User-Driven Innovation: What it Means and Why it Works

User-driven innovation is a very interesting emerging phenomenon, one that is explored thoroughly in Eric von Hippel’s illuminating book, Democratizing Innovation. Von Hippel is a Professor at MIT’s Sloan School of Management, and has been involved in the research and theory of user-driven innovation for about two decades now. In his book, he casts light on several aspects of user-generated innovation, from the reasons why users are driven to innovate, how they go about doing so (both independently and collaboratively), how these innovations are shared and disseminated, and how manufacturers can benefit from user-generated innovations. Here are short summaries of some of these ideas:

Why do users innovate?
The short answer is that users (here referring both to individual users as well as user firms) innovate because most products and services available in the commercial market only partially meet their needs. These mass-produced items and services are generally made by manufacturers who attempt to design for the largest possible segment of the market, which often means that users’ needs are only partially met. This induces them to make modifications that transform the product or service to better serve their needs.

Another big reason why users innovate is because they tend to enjoy the process of innovation. Von Hippel illustrates this with the example of people who like crossword puzzles. Most people who like solving the daily or weekly puzzle would emphatically resist being shown the answer key; it is the process of solving the puzzle that makes the experience an enjoyable one, not just having the answers. This is especially the case when the user is passionate about a certain activity. For example, surgeons regularly produce innovative new instruments based on their experience and knowledge, and snowboarding enthusiasts have come up with numerous modifications and innovative designs that are suited to their specific needs.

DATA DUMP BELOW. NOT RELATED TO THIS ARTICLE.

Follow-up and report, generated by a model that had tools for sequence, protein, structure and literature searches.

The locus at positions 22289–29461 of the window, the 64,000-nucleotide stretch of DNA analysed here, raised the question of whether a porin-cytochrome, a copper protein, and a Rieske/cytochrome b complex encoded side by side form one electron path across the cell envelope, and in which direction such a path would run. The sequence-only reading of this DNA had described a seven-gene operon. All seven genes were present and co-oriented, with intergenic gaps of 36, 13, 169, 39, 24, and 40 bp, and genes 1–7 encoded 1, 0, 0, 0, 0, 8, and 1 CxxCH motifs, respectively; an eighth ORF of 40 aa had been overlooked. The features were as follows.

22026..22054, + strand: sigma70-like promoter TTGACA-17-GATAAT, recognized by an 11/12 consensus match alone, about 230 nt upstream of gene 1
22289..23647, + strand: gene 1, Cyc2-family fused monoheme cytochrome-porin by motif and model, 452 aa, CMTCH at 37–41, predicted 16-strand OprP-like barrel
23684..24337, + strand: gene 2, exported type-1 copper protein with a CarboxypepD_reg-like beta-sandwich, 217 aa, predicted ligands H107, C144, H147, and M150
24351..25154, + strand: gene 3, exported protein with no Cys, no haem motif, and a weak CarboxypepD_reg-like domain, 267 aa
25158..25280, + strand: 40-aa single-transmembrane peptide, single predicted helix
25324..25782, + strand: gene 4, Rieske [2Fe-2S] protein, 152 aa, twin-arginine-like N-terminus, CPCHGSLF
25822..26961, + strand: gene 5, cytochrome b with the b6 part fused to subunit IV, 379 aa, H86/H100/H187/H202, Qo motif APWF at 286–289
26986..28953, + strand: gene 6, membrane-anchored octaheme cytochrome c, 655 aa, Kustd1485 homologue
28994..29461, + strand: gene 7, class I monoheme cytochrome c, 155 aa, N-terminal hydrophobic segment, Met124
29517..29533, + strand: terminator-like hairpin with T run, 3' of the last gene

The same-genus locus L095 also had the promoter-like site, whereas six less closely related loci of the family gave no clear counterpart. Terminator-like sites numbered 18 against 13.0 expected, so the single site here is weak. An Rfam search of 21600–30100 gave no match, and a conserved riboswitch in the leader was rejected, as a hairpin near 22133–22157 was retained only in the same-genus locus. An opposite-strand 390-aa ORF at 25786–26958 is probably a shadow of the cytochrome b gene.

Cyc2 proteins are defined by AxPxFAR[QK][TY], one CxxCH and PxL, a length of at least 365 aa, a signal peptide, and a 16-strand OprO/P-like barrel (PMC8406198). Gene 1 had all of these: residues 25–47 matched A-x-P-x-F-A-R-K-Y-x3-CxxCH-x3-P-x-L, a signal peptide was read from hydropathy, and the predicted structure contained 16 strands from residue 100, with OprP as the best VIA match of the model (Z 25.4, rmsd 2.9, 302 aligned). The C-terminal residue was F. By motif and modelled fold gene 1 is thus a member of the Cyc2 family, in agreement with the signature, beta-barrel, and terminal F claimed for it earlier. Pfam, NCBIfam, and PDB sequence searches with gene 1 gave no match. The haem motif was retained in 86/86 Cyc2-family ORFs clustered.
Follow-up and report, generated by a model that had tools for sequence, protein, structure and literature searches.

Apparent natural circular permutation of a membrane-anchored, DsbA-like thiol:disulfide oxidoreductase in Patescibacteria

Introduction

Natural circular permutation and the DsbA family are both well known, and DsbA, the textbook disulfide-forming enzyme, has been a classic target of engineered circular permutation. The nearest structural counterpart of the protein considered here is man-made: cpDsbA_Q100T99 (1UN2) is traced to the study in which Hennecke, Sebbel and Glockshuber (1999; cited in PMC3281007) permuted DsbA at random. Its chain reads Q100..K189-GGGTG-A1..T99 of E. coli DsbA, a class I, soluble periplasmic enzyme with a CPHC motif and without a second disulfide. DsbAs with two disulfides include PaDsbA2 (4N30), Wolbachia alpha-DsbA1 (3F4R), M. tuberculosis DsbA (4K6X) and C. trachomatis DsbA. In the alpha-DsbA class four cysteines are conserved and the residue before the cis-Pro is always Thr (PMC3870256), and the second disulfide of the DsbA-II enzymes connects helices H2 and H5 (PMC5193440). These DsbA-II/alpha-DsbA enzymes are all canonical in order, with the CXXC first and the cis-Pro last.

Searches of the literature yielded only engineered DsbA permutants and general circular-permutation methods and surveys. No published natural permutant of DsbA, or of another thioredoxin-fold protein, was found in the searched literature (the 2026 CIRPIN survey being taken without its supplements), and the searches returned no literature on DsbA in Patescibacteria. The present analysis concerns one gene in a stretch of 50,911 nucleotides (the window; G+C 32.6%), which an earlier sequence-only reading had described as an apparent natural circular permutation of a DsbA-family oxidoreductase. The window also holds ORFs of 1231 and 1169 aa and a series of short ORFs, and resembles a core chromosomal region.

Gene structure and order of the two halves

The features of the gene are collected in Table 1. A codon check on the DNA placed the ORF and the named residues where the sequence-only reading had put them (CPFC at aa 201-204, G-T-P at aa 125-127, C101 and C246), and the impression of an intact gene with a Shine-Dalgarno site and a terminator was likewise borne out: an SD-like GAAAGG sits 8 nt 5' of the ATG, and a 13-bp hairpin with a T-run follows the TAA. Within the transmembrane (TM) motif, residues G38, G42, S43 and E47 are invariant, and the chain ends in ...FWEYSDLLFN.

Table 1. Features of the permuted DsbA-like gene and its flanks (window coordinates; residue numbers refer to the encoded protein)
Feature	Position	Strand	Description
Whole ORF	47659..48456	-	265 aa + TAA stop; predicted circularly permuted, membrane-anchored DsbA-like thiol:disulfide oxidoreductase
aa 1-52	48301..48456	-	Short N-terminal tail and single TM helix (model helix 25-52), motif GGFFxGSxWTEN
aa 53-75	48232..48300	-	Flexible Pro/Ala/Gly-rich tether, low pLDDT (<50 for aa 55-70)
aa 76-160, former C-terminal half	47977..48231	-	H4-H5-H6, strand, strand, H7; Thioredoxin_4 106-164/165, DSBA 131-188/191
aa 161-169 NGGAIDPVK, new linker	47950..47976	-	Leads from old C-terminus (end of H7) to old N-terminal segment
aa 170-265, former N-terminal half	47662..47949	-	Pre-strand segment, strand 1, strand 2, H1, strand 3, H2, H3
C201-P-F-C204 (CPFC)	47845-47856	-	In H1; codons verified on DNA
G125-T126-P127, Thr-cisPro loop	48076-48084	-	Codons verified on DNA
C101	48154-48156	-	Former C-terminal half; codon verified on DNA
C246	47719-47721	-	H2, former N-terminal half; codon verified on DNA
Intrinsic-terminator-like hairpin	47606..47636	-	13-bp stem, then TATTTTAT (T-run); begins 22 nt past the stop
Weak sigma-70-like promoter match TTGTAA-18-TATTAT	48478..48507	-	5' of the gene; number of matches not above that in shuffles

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Recycle Plastic Bottles, Use as Lightbulbs

Via Fast Company: Students at MIT, in an effort to design lighting solutions for homes not connected to the grid, developed this brilliant new “lightbulb,” made only of a used plastic bottle, water and bleach.

The simple technology can be installed in less than an hour, lasts for five years, and is equivalent to a 60-watt bulb. It works simply: The water defracts the light, letting it spread throughout the house instead of focusing on one point. The bleach keeps the water clear and microbe-free.

Watch the video on how this works here

Read more:The World’s Cheapest Lightbulb Is Made Of Just A Plastic Bottle

India’s Top Innovators Under 35

Technology Review released the 2011 awards for India’s top innovators under 35 years of age. Ajit Narayanan, winner of the “Innovator of the Year” award, created a voice device for people with speech disabilities, while Alefia Merchant, winner of the “Humanitarian of the Year” award, created a new method for screening for eye disease in children. Read about these and 16 other innovations by young Indians.

Since 1999, the editors of Technology Review have honored the young innovators whose inventions and research we find most exciting; today that collection is the TR35, a list of technologists and scientists, all under the age of 35. In 2010, we announced the India TR35 list that recognizes the outstanding innovators under the age of 35 for their continuing work in India that has the highest impact locally and globally. Here we highlight innovators in India whose work–spanning medicine, computing, communications, electronics, nanotechnology, and more–is changing our world.

India’s 2011 TR35: Top Innovators Under 35

Solar-Charged Fuel May Mean the End of Batteries

Researchers at MIT have discovered a new fuel that can store solar energy as heat. While they are yet to develop an efficient process to convert the heat to electricity, the scientists predict that these solar-fueled nanotubes could outdo lithium batteries in energy production.

When a photoactive molecule absorbs sunlight, it undergoes a conformational change, moving from the ground energy state into a higher energy state. The higher energy state is metastable (stable for the moment, but highly susceptible to energy loss), so a trigger—voltage, heat, light, etc.—will cause the molecule to fall back to the ground state. The energy difference between the higher energy state and the ground state (termed ΔH) is then discharged. A useful photoactive molecule will be able to go through numerous cycles of charging and discharging.

Kolpak and Grossman managed to find the right balance between ΔH and activation energy when they examined computational models of azobenzene (azo) bound to carbon nanotubes (CNT) in azo/CNT nanostructures. According to their calculations, placing azobenzene on carbon nanotubes will stabilize both the ground and higher energy states.

Read More: New fuel discovered that reversibly stores solar energy